Important Enough to Include in a Standard

Did you know that once the AKC Board of Directors approves a breed standard, there is a five-year moratorium on revisions, changes, clarifications or deletions?  It pays to get things right the first time, and making the text of the standard as clear and concise as possible using sentences that are simple and straightforward is a good start.

Lengthy breed standards are less appreciated these days.  Though we, ourselves, find that a breed standard of any length can be a fascinating read, one can see the case to be made for brevity. As more breeds are added to registries, judges are faced with remembering –  and comprehending – more breed standards, and this can make it challenging to evaluate a dog in the show ring in just two minutes. It’s possible that an even greater challenge faces the parent club committee tasked to write a standard which is, in a nutshell, the “blueprint” of a breed. How to define, maintain, and preserve a breed’s distinct type and purpose in as few words as possible?

In this scenario, every word counts, and if an aspect of a breed appears in a standard, it must be important, no matter how small.

As small as an eyeball?

Think smaller.

What’s smaller than an eyeball? How about the hole located in the center of the iris of the eye that allows light to strike the retina?  Better known as the pupil,  only two AKC breed standards make mention of the pupil. Can you guess which two?

The first is the Chow Chow: From its standard: “The eye rims black with lids which neither turn in nor droop and the pupils of the eyes clearly visible.”

eye, pupil, Norwegian Lundehund, Chow Chow, standard

Chow Chow © Sergey Taran | Dreamstime

In this breed, eyes should be “dark brown, deep set and placed wide apart and obliquely, of moderate size, almond in shape. The correct placement and shape should create an Oriental appearance. The eye rims black with lids which neither turn in nor droop and the pupils of the eyes clearly visible.” (from the Chow Chow Club Illustrated Standard).  Noteworthy is that if the pupils are clearly visible, the eyes most certainly are, as well.

The other breed is the Norwegian Lundehund: “Eyes -almond-shaped, yellow-brown to brown with a brown ring around the pupil.

Circling back to the way standards are written, it’s important to note that adjectives can mean different things to different people, and there is no quibbling over what an eye pupil is. Less clear is why pupils are important enough to mention in the standards of these two beautiful breeds. Perhaps readers can help us out?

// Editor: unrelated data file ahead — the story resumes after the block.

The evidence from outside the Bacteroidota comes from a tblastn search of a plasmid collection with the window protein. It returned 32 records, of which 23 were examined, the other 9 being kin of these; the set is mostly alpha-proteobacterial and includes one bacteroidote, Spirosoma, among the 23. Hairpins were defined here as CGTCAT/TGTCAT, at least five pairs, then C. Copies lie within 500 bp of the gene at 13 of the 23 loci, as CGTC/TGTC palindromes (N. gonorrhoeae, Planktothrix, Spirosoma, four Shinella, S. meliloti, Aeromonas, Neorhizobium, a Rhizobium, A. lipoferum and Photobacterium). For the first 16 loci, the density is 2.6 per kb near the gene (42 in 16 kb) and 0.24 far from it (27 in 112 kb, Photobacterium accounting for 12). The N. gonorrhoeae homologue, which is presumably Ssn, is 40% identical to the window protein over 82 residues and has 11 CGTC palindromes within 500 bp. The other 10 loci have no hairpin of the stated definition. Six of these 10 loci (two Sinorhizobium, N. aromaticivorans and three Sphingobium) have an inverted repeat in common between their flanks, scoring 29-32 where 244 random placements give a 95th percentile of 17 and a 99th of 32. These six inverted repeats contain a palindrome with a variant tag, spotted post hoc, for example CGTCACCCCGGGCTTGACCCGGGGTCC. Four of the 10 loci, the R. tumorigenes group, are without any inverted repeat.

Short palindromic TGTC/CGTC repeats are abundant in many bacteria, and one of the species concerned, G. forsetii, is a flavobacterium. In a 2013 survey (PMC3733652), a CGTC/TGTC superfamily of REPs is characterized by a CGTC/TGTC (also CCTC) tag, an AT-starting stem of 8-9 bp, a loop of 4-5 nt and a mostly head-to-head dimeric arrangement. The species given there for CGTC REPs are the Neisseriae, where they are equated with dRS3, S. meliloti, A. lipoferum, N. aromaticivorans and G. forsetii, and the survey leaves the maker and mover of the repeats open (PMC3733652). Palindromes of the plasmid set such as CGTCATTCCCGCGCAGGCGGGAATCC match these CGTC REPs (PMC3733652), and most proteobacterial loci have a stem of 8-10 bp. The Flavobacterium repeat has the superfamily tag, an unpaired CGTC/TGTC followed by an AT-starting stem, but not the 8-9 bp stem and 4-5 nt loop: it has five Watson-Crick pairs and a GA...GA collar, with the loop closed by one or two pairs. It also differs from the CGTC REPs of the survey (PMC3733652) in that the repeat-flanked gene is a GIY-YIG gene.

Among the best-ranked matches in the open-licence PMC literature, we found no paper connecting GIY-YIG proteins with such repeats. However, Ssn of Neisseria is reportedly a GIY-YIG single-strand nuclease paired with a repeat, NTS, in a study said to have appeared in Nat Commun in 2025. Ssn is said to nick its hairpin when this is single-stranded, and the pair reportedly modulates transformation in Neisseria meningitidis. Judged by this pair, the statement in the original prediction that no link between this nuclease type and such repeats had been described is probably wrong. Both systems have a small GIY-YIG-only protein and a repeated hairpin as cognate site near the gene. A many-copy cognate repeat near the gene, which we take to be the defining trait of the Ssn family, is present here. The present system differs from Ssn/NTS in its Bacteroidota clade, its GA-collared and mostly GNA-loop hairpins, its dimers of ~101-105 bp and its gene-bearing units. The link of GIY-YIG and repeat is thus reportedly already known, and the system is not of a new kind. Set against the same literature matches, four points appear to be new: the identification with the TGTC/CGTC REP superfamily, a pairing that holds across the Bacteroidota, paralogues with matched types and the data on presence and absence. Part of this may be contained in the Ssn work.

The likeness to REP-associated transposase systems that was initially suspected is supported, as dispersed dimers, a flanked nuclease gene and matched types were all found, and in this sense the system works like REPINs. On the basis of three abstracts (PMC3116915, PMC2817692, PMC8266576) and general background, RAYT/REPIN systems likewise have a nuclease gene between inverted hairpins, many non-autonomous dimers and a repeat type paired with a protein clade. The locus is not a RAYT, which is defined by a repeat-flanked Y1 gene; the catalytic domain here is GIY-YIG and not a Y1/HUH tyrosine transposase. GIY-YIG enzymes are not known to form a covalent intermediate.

Image: Norwegian Lundhund bLars Christensen/Adobe Stock Photo

4 thoughts on “Important Enough to Include in a Standard”

  1. “more breed standards, and this can make it challenging to evaluate a dog in the show ring in just two minutes.” — but then maybe the AKC should consider that demanding judges memorize so many standards and spend 2 minutes or less to evaluate a dog isn’t the best way to evaluate them in the first place. it leads to selecting “what catches the eye” — rather than the dog that necessarily best fits the real standard. it leads to selecting based on handlers or presentation rather than taking the time to actually physically examine the dog and compare it to a standard the judge knows WELL, rather than one they memorized briefly to pass a test and have long forgotten — particularly with the less common breeds. Maybe it’s time to consider ensuring that judges truly understand a standard and the various “types” that might all meet it and to provide a serious evaluation with a written critique — and to specify shows where breeds may be presented to judges with the time and impartiality that such evaluations would require. leave the handling and presentation to a competition on just that, rather than asserting it really evaluates a dog as to how it meets the standard for it’s breed.

  2. The original parent club for the Australian shepherd, The Australian Shepherd Club of America, also finds pupils worth mentioning:
    “EYES: The eyes are very expressive, showing attentiveness and intelligence. They are clear, almond-shaped, of moderate size, and set a little obliquely, neither prominent nor sunken. The pupils are dark, well defined, and perfectly positioned. Eye color is brown, blue, amber; or any variation or combination, including flecks and marbling. All eye colors are acceptable in combination with all coat colors.”
    One would guess that iris coloboma, which can affect the ability of the pupil to shrink in bright light, was a concern. Working stock in all weather requires good vision in all weather.

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